Further Information

For further assistant on any matter relating to work from home policies or any workplace matter, please contact one of our experience employment and litigation solicitors on 02 9963 9800 or [email protected].

COVID-19: Witnessing Legal Documents Electronically

COVID-19: Witnessing Legal Documents Electronically

The Electronic Transactions Amendment (COVID-19 Witnessing of Documents) Regulation 2020 (NSW) (The Regulation) is another government initiative in response to COVID-19. The Regulation officially came into force on 22 April 2020 and aims to provide clarity on how some documents can be witnessed by an eligible witness via audio visual link. One of the most critical aspects of the Regulation is that it does away with the requirement for a witness to be physically present to witness the execution of documents. In this blog, we answer some of the most common questions regarding the new method of witnessing legal documents electronically.

What does audio visual link mean?

Audio visual link means any technology that enables audio and visual communication between two persons who are not physically present in the same room. This usually consists of the classic video conferencing platforms such as Zoom, WhatsApp, Skype and FaceTime.
What documents can be witnessed by audio visual link?

The below documents can now be witnessed through an audio visual platform:

  • a Will;
  • a Power of Attorney or Enduring Power of Attorney;
  • an Appointment of Enduring Guardian;
  • a deed or agreement;
  • an affidavit (including any annexure or exhibit to an affidavit) except for the purposes of divorce; and
  • a statutory declaration.

How do I witness a document by audio visual link?

In order to have a validly witnessed document it is imperative that the Regulation is followed correctly and carefully. In accordance with the Regulations, a person witnessing the signing of a document using an audio visual link must:

  1. Observe the person signing the document in real time (i.e. not via a pre-recorded video) to confirm the signature is legitimate.
  2. Next, the person witnessing the document must sign the document (or a copy) as soon as possible after the witnessing via audio visual link to confirm they witnessed the signature. This could be done on a hard copy of the original document that the signatory signed which is either sent in the post or electronically to the witness.a.
    • It is important to note that the person witnessing the document must be reasonably satisfied that the document signed by the witness is the same document signed by the signatory.
  3. The person witnessing must then state on the document the method of witnessing (either countersigned or counterpart) that was used and that it was witnessed in accordance with the Regulation.
    • For example: “I, [insert name here] attest that this document was signed in counterpart and witnessed by me by audio-visual link via Skype in accordance with clause 2 of Schedule 1 to the Electronic Transactions Regulation 2017”.

Are there changes to who can act as a witness?

The Regulation has altered who can witness a Statutory Declaration. Traditionally, only Justices of the Peace and Solicitors could act as a witness to a statutory declaration.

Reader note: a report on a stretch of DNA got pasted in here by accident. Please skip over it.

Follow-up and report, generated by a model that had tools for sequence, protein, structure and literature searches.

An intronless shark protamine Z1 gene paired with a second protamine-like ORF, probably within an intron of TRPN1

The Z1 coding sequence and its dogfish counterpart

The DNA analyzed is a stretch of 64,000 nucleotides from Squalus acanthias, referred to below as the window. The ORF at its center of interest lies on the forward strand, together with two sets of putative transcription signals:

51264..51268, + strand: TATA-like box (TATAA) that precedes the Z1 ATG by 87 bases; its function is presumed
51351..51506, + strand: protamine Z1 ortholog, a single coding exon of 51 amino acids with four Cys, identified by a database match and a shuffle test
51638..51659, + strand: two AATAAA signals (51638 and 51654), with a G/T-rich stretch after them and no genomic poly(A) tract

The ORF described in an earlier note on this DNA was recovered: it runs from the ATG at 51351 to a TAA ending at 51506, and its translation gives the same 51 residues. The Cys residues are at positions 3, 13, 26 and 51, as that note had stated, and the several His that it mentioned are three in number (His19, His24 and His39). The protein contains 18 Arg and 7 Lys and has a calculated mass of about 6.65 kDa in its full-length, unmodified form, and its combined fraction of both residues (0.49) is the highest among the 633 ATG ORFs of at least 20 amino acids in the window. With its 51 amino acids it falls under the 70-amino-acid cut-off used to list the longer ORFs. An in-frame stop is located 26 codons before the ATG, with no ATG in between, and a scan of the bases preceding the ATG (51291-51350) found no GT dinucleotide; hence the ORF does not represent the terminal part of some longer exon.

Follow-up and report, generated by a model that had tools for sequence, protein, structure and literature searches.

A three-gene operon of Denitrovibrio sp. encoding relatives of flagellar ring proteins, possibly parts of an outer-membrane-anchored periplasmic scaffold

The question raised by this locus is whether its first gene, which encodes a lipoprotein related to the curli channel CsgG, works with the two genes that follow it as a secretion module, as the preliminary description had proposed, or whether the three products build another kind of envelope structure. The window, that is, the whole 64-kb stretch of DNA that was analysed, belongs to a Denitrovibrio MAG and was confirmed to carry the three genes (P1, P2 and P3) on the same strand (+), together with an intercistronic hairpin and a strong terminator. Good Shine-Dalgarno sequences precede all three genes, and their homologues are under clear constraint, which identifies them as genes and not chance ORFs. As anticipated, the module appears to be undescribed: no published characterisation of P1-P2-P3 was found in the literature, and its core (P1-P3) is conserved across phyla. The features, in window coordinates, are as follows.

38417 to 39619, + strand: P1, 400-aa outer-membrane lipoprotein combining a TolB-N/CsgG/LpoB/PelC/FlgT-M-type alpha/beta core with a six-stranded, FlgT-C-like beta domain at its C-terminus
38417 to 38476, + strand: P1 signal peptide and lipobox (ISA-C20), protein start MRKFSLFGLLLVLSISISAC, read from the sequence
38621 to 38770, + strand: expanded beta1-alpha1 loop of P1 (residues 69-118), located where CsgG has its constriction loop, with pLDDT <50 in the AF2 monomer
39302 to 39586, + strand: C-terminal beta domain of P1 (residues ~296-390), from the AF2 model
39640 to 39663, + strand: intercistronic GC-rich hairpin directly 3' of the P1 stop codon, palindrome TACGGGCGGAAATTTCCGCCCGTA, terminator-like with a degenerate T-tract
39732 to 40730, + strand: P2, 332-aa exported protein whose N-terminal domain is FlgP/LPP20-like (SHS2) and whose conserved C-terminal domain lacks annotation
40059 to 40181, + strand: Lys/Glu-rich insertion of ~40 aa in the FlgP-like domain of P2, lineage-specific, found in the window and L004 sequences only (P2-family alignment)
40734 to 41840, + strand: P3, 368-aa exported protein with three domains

The Regulations have been amended to allow the below persons to witness a statutory declaration

  • financial advisors;
  • pharmacists;
  • nurses;
  • accountants who are a member of Chartered Accountants Australia, CPA Australia or the Institute of Public Accountants;
  • psychologists;
  • veterinary surgeons;
  • police officers; and
  • teachers (only those employed on a permanent full time or part time basis at a school or tertiary education institution).

Further Information

With so many changes happening in the legal sector due to COVID-19 it is important to be fully aware of how these may practically impact you. If you would like more information on how we can assist you with your matter, do not hesitate to contact us on 9963 9800 or via our contact form. Check out our blog for further information and analysis on the restrictions and rules in place during COVID-19.

Residential Leases during COVID-19: What You Need to Know

Residential Leases during COVID-19: What You Need to Know

Coronavirus has undoubtedly had a substantial impact on the Australian economy. This unfortunately means that some residential tenants are struggling to keep up with their rental payments, due to increased unemployment or standing downs. However, the NSW government is introducing measures to support landlords and tenants and encourage them to work together through this difficult time. In this article, we explore some of these measures to help you understand landlord and tenants obligations under these new initiatives.

New Measures:

The new measures include an interim 60 day stop on landlords issuing termination notices or applying for a NSW Civil and Administrative Tribunal eviction order due to rental arrears, where tenants are financially disadvantaged by COVID-19. This will be followed by limitations for 6 months for rental arrears evictions for tenants financially disadvantaged by COVID-19.

For Tenants:

To meet the requirements for the 60 day stop on evictions, residential tenants needs to demonstrate that they are impacted by COVID-19. A household is impacted by COVID-19 if:

  1. one or more rent-paying members of a household have lost employment or income (or had a reduction in employment or income) due to COVID-19 business closures or stand-downs, or